I'm not fluent in any language besides English, I took a few years of Spanish, but y'know, that only does so much. I really would like to be, but it seems the only way for older folks to do it is to literally be immersed in it for awhile (that's what my sister did, worked perfectly) and I can't really afford to do that. :)

Anyway, just random thoughts. I think we should be teaching multiple languages from grade 1, but that's just my opinion.
Because English is hard enough as it is.
All the little European and Asian kids seem to have no problem with it. :)
They have no problem with the basic stuff. But when you start to throw in those SAT words, most of them are like huh and what?
 

johnjohn320

Diamond Member
Jan 9, 2001
7,572
2
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Originally posted by: HappyPuppy
Why spend several years in K-12 studying a foreign language that most Americans are never going to use? I have no problem with requiring a couple of years of foreign language in HS, but even that is a waste of time that could be put to better use.

How many American businessmen or scientists do you know who converse with their foreign colleagues in their native language? Damn few if any. Either the foreign person speaks English, or they use a trained and certified translator.
Because Americans have never bothered to learn anyone else's language, they've all learned English on the other hand. I dunno, I just have a feeling that's gonna bite us in the ass one day.

Besides, Spanish is getting to be a bigger and bigger need now in the US, given the immigration rates from Mexico. My town is now 60% Hispanic.
 

Orsorum

Lifer
Dec 26, 2001
27,626
3
81
Originally posted by: BDawg
Originally posted by: Zakath15
Originally posted by: BDawg
Originally posted by: Zakath15
Yes, I think they should. English should be a priority, then... either spanish or Mandarin.
Why not French (besides it's what they speak in France)? It's the second of the official international languages.

Right now, anyone who knows Arabic is popular with intelligence recruiters. :D
Because not counting English, Mandarin is the most widely spoken language in the world. :p
Yes, but aren't there more French speakers than Spanish in the world?
Yes, but French is hardly necessary for business transactions in the continental United States; Spanish would be key, especially in southern states. Mandarin/Korean/Japanese/etc. would also be just as key.

I would also contend that there are more Spanish than French speakers. :p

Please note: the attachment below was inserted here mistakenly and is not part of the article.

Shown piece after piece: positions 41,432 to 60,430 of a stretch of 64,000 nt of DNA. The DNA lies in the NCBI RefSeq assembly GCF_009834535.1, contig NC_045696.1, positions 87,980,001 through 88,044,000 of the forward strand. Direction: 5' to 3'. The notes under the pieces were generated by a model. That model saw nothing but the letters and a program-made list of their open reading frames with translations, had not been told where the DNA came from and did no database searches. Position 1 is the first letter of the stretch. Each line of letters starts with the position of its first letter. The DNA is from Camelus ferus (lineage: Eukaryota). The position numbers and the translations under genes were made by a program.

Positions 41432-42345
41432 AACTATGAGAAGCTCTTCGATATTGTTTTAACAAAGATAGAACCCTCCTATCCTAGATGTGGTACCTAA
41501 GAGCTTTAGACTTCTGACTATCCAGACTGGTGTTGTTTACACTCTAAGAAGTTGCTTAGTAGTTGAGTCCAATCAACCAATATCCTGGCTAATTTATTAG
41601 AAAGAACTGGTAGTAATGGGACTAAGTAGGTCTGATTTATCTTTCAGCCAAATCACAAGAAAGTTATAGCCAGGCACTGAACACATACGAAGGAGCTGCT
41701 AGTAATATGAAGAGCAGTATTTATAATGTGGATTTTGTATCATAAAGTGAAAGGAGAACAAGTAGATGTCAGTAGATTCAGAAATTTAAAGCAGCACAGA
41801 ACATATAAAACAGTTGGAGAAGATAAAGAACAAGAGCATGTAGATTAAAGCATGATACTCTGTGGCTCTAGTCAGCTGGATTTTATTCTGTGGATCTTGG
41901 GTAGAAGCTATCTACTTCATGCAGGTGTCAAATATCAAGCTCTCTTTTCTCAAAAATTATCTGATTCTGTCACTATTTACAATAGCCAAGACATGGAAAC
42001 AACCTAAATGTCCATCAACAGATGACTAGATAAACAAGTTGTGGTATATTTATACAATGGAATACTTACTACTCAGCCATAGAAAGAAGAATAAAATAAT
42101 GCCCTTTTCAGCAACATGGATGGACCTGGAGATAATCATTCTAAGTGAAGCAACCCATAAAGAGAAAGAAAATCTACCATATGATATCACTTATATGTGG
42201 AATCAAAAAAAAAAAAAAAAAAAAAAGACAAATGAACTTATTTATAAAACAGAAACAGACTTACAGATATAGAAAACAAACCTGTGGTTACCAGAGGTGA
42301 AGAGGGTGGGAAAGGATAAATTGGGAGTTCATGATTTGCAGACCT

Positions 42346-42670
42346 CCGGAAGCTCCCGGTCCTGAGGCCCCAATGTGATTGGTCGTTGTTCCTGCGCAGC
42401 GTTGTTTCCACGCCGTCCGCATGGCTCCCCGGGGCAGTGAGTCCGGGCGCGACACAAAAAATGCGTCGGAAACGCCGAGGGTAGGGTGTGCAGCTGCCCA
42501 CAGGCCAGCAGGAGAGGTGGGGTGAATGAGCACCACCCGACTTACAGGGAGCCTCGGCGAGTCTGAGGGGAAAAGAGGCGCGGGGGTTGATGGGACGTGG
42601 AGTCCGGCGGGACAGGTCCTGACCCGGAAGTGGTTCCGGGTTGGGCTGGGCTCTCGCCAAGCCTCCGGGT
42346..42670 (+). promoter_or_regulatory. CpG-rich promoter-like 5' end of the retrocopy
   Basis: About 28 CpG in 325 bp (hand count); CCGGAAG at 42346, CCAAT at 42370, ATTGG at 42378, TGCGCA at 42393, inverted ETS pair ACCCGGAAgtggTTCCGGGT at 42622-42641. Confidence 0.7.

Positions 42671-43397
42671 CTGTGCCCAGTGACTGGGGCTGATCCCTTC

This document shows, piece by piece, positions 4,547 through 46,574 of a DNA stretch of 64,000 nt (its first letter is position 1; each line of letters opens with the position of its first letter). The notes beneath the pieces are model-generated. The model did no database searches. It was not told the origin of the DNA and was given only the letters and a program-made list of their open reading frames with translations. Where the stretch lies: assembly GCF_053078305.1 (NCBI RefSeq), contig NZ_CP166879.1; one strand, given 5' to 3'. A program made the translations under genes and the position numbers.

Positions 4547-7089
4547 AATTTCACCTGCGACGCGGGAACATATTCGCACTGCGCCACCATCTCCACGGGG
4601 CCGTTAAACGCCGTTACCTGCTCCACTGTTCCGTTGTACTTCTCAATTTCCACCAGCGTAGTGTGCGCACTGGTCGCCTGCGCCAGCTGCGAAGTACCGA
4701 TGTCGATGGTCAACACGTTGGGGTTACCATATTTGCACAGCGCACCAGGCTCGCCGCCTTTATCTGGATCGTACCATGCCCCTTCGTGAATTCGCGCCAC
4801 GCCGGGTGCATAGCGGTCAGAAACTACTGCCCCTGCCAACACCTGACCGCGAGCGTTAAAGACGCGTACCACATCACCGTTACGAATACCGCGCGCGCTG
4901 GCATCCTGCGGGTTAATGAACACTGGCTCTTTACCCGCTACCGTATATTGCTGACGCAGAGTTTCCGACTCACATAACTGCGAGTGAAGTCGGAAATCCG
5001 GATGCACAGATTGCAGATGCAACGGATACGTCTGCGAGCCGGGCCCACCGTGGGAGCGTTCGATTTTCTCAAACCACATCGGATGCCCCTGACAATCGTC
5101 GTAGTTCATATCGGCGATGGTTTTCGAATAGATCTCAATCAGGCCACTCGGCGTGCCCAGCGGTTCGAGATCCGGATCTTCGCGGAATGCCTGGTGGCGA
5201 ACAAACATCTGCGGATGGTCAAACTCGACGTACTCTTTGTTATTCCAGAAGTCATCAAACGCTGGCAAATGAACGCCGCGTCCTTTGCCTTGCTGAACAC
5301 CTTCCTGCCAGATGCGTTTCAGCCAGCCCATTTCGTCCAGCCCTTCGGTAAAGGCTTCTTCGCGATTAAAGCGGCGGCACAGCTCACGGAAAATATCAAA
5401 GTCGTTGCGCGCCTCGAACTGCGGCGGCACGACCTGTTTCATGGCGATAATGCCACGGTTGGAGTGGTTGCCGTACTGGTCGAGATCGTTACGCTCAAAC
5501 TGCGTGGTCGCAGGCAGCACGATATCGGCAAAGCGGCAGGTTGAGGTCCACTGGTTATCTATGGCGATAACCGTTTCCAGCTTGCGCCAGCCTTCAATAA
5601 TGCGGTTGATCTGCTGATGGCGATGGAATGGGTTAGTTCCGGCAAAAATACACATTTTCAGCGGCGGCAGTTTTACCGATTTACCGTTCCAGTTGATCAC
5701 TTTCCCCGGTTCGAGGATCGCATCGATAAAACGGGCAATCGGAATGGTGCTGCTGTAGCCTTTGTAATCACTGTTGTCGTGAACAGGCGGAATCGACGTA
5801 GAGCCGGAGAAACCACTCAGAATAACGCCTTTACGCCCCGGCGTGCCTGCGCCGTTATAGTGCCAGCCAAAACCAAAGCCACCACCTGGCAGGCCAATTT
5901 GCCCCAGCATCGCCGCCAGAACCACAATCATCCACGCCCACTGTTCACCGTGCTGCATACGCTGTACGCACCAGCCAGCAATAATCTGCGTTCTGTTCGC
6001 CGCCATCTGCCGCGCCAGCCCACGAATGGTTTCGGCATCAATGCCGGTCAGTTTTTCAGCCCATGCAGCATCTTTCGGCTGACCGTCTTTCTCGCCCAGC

BDawg

Lifer
Oct 31, 2000
11,631
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Oh, and why should we stop with only 2 languages. The Swiss know at least 3.
 

AUMM

Diamond Member
Mar 13, 2001
3,029
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0
i think taking it in high school is good, i took spanish for 4 years and i am pretty good at it.
 

BDawg

Lifer
Oct 31, 2000
11,631
2
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Originally posted by: Zakath15

I would also contend that there are more Spanish than French speakers. :p
Here, it shows Spanish as the 2nd most widely spoken language. But they don't seem to count the people who "also" speak French. Many people speak the language of their country *and* French and English.
 

Dudd

Platinum Member
Aug 3, 2001
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Originally posted by: FoBoT
in the US it wouldn't be too hard to use spanish in some places, but how many times would you get the chance to keep using german or french ?
Um, you are aware that there is a whole country to our North that has French as an official language. Sure, almost all of them speak English as well, but pretty much anyone who you'd want to speak Spanish to would know English as well.
 

vegetation

Diamond Member
Feb 21, 2001
4,270
2
0
I think it's a great idea, but sadly, I don't see it happening in areas with poor public school funding. Qualified language teachers are hard to find, especially at the pre-secondary level where they need to be certified in elementary education. I remember when I was in elementary school, we had one guy who ran around multiple schools (the whole district I suppose) teaching Spanish. We only got instructions once every 3 weeks or so. Who knows how many students it would have benefited if we were instructed daily? I can only wish for that now.